When parties divorce or they approached a court of law to resolve a dispute regarding a minor child, it was customary for them to appoint a facilitator should they settle the matter. Specific clauses would be inserted into consent papers and settlement agreements which the parties sign and is made an order of Court. The clauses would basically state that the parties appoint a facilitator to resolve disputes regarding the minor child and that the facilitator has certain authority and powers. Such disputes could range from one-party wanting more contact with the child or disputes regarding aspects of education, for example, which school the child goes to, or aspects regarding extramural activities. At the end of this article you would find an example of a facilitator clause.
A facilitator should be a suitably qualified person. He or she does not necessarily have to be a clinical psychologist, social worker or a lawyer. He or she should be somebody that knows family law, understands the family dynamics and is skilled in resolving issues between parties. It is therefore very important that the parties appoint a facilitator that they would feel comfortable with and one that will be compatible with their family situation.
It would often happen that the parties cannot resolve a dispute amicably through a facilitator. In such a case, a decision will have to be made. The facilitator would then have to issue a directive. In other words, make a firm and binding decision for the parties. A further clause would then usually be inserted into the consent paper stating that the facilitator’s directive would be binding upon the parties as if it was an order of the court. The directive of the facilitator would then remain binding upon the parties unless a court of competent jurisdiction orders otherwise. It is this latter aspect that this article deals with.
Based on our history with family law matters, this specific facilitation clause came about in or about 2008, a short while after the Children’s Act came into operation. It was then customary for parties to insert this facilitation clause as a matter of course. In our experience, the family advocate’s office would insist that such a clause be inserted and furthermore the courts would have no issue therewith.
What has now happened since 2018, in the Western Cape at least, was that certain judges started having an issue with the fact that a facilitator had the authority of making binding decisions on the parties which had the effect of an order of Court. In other words, due to the clause stating, that the facilitator’s directive would be binding upon the parties as if it was an order of Court; certain judges began to question such authority.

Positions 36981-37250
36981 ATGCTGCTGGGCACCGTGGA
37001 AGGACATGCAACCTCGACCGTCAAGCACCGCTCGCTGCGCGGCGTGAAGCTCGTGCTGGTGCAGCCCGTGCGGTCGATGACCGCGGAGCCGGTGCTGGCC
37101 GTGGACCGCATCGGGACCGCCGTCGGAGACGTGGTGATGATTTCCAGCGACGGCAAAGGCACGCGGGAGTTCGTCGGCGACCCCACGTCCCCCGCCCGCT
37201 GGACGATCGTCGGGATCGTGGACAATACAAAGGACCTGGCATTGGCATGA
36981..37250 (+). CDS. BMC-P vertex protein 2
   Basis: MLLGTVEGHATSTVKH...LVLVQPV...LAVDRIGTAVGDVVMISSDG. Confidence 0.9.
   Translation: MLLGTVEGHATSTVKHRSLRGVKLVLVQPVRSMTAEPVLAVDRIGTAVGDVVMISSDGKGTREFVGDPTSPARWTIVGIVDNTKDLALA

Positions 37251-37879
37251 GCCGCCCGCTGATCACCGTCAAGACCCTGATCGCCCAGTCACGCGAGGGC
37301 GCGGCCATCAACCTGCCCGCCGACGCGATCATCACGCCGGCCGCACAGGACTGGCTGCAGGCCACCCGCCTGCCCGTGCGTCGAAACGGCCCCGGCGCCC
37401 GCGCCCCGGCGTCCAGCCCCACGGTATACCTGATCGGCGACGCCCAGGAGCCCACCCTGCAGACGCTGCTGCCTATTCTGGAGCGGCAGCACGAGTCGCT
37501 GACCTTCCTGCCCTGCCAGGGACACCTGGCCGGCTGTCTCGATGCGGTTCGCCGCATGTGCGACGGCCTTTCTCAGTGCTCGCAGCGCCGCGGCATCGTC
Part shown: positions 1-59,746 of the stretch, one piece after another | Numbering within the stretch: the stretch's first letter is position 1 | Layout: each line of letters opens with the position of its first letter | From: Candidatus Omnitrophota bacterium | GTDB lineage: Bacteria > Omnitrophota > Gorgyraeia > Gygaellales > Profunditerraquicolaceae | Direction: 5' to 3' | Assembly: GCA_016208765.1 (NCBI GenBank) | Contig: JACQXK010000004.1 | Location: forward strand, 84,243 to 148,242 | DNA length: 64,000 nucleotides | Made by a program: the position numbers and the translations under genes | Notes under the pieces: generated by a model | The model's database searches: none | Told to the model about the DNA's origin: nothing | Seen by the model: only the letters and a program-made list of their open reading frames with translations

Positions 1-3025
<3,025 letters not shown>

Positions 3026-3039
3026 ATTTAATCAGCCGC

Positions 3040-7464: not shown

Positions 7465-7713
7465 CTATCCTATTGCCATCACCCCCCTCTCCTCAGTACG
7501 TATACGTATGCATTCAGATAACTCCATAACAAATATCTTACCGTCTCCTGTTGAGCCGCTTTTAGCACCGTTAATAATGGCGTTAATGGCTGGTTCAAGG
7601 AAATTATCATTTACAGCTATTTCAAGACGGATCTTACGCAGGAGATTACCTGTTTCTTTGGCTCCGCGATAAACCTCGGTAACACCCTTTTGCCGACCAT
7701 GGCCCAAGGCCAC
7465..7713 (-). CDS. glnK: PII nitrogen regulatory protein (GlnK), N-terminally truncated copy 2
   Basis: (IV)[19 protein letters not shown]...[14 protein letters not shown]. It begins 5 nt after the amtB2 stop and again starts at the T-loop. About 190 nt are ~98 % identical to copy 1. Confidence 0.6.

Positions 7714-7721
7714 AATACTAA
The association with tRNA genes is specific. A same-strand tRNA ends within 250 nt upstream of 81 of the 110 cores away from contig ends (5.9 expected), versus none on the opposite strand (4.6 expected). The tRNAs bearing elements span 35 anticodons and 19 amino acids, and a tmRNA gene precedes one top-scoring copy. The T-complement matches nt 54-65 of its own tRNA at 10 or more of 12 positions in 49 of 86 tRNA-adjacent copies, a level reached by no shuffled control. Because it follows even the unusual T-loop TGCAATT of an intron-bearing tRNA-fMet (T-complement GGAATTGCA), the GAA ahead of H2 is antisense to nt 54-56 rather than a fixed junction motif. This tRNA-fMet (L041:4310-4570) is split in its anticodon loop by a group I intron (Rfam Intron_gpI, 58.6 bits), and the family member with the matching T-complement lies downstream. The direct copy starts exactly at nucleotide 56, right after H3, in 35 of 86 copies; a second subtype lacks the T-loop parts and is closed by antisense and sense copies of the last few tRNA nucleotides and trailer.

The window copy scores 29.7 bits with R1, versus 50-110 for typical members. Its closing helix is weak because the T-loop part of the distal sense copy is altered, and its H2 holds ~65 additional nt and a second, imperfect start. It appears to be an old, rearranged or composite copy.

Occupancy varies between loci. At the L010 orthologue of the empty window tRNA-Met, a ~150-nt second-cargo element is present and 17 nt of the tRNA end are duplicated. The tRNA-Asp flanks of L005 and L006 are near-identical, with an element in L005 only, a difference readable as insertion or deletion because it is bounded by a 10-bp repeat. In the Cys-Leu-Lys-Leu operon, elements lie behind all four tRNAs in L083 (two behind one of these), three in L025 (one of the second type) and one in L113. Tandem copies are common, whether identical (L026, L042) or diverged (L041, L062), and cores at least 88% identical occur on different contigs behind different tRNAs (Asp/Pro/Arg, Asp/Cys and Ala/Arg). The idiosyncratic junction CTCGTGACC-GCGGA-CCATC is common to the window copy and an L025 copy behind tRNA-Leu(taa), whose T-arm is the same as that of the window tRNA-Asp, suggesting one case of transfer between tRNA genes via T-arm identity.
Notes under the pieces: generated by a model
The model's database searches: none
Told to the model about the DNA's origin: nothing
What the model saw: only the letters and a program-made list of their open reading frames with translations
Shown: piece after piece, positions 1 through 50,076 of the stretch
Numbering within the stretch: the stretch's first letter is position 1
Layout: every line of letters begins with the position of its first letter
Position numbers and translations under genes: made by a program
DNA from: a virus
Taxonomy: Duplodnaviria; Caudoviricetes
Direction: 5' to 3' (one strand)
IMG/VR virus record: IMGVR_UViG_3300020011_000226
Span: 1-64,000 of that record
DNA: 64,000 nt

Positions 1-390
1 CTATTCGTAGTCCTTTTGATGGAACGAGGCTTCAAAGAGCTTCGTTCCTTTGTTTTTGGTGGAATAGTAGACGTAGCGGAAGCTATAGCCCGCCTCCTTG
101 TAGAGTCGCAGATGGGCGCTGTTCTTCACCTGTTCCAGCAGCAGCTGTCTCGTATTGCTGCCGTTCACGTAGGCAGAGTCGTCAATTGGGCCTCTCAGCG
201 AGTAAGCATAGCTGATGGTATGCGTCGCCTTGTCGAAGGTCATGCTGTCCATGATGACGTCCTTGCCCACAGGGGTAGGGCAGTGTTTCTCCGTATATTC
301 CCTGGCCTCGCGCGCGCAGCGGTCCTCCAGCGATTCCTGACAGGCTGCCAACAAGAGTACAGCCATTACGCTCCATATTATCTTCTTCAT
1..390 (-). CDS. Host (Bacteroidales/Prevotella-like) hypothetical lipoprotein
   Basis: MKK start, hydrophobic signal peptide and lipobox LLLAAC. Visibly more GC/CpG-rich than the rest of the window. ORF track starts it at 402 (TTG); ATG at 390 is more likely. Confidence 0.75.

Basically, the court’s reasoning is how could judicial authority be delegated to a third party? Taking it one step back when, the courts in the past made an order incorporating the settlement agreement, which had a clause therein authorising the facilitator to make binding directives; it basically gave judicial authority to the facilitator. In other words, the facilitator had the authority of a Judge.
What has now become a practice, should a facilitation clause be inserted into a settlement agreement, the office of the Family Advocate of Cape Town, at least, would endorse the Consent Paper or Settlement, Agreement but also direct the Court to determine whether or not the parties understand the role of the facilitator and that they would be responsible for the cost associated therewith.
There could be many reasons why the Family Advocate is directing the parties to advise the court whether or not they understand the role of the facilitator. One such reason could be that they do not want parties to come to them to facilitate disputes and issues that might arise. And of course, the other reason could be due to the court judgments that recently stated that a court can’t delegate its authority to a facilitator.
In our view, asking a party in court, whether or not they understand the role of a facilitator, and that they will be responsible for the cost thereof is unnecessary. The party would say that they understand the role and that they are responsible for the cost thereof. What value that has in the case of a dispute arising in the future is very little.
Going forward, we still recommend that a facilitation clause be inserted in settlement agreements and consent papers. We further agree that a Court cannot delegate its judicial authority to a third party, unless in exceptional circumstances. However, at the same time, we feel that the facilitator could play a crucial role in resolving disputes between the parties. Having said that, the parties need to discuss whether or not they would require a facilitator, and in the event they do, they should specifically outline the role of their intended facilitator in the consent paper or settlement agreement.